This post is from Jodi Fondell, former chaplain at NPU and now co-pastor with her husband, Doug, who is one fine golfer (and so is Jodi). [A big question: Did Doug have to eat lutefisk in the hospital stay?]
I know that many people in the US are scared out of their wits that the US is “going the way of Sweden” and turning into a socialist society. I almost laugh out loud every time I hear that. For starters…the US is so FAAAAARRRR from being a socialist nation it’s not even possible. Secondly, going the way of Sweden wouldn’t really be so bad if you consider some of the facts.
We have finalized Doug’s hospitals bills from when he broke his leg. He had to be picked up from the street by ambulance and rushed to the emergency room for x-rays and treatment. This part of his medical journey cost us $53.00.
Then we found out that he was going to be admitted and have emergency surgery the next morning. He was given a temporary cast, drugs for pain and a shared room with 3 other guys and no TV. So, not the luxury and amenities of a private US hospital but he received good care and ended up staying two nights in the hospital. This part of his medical journey cost us $27.00.
Then he came home and two days later he got his cast wet and so we had to go back and have it re-cast. The cost for that was $0.00. Three weeks later, he went in and got the plaster cast off, saw a Dr., got the boot. This part of the journey cost $0.00. Three weeks later, he went in, got the boot off, stitches taken out, saw the Dr. and the physical therapist. This cost $48.00. Finally, he had the last surgery to take out the pin and get a final clearance. He also saw the physical therapist. This cost $27.00. Total cost of Doug’s emergency broken leg: $155.00 plus the cost of the pain medication, which was actually a bit high…about $100.00, but included morphine so I guess it was OK. The crutches were free. We returned them.
But now, Doug has paid the maximum a person can pay out of pocket for a certain time period so he has totally free health care until September. I’m pushing him to get the torn cartilage fixed in his knee before then! Yes, he still has a torn cartilage. Poor guy. But the point is this: His injury did not put us in peril.We are not going to pay medical bills for the next several years because of an emergency. Yes, we’ve done our bit by paying our taxes, but the great thing about paying taxes as we do is that you are automatically forced to “save for an emergency” which most people do not. So when something catastrophic happens, it often really sets people back.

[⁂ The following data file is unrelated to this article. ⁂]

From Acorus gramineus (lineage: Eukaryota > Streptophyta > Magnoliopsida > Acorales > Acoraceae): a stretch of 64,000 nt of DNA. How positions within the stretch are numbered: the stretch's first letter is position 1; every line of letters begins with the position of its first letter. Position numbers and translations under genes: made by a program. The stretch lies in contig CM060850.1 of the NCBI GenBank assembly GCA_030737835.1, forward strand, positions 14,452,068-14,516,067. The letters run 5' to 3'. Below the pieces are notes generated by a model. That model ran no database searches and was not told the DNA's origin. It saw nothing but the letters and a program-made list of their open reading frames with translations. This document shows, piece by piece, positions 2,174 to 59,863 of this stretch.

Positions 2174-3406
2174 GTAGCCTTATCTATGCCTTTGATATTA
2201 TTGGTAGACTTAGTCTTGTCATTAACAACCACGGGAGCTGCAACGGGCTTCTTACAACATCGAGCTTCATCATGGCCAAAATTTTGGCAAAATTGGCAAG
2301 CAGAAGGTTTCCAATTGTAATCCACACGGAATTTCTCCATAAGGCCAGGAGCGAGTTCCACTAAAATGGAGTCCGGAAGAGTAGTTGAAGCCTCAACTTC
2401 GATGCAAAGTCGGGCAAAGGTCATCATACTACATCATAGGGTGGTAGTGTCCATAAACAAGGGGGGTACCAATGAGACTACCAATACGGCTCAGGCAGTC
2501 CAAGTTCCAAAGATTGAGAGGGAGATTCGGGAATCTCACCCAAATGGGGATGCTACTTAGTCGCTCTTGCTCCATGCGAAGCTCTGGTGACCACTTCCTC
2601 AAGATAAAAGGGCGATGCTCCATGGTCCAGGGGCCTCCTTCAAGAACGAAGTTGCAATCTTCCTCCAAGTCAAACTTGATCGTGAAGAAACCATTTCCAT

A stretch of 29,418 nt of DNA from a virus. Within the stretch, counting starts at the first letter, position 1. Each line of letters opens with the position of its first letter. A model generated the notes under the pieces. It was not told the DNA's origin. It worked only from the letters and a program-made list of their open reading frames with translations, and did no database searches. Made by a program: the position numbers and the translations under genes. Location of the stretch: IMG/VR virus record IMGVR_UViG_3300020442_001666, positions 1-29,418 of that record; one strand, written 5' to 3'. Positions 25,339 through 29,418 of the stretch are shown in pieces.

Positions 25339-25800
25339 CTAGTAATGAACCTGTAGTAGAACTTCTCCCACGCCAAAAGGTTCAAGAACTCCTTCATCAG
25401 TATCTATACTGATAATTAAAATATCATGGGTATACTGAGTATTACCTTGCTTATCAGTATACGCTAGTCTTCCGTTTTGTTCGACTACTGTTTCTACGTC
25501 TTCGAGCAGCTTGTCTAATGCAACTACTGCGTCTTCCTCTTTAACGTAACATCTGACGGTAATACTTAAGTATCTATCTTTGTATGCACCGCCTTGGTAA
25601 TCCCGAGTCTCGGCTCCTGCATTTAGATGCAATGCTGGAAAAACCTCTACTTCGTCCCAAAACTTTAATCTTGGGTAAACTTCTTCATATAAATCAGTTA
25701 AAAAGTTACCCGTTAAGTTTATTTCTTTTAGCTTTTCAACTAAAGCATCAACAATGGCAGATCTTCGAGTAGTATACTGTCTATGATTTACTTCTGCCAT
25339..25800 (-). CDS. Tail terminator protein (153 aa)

Now, I’m not saying that we can compare the US to Sweden because the issues are complex and complicated, but I am saying that people really need to quit saying that countries like Sweden are really messed up. This is not messed up. It is a way of providing for your population and making sure that people don’t become destitute when an emergency medical situation presents itself. We have been quite happy with the care that Doug has received and we feel very lucky that we have gotten through this whole ordeal without having to worry about paying for it.
Additionally, we are now about to embark on our annual winter hiatus. We will leave on Thursday, take a long weekend in New York, attend a pastors’ conference in Chicago next week and then take a 4 week (paid) holiday. This is totally normal for Swedes, except most of them do it in the month of July. We are odd in that we prefer a winter holiday since we have the chance to attend the conference and see family all at once, and an added bonus is that my parents are in a warm, resorty place: Palm Springs, California. Yes, it’s sickening that we don’t even have to cash out all of our days. Once you turn 50, you get 35 days plus the public holidays. Starting to understand how our 3 year contract turned into 12.5? Of course, these aren’t the only reasons, but the long holidays certainly make living here much easier as we have the privilege of getting back to the US to visit family regularly and still have time to refresh ourselves with some other kinds of travel.
So, when the conversation about universal health care or ensuring that all are covered, instead of totally panicking that you will be forced into that “Swedish way of doing things” just stop for a minute and consider that higher taxes, put to use in the right way, could be a life saver for you or your neighbor when you slip on an icy street and break your leg in two places.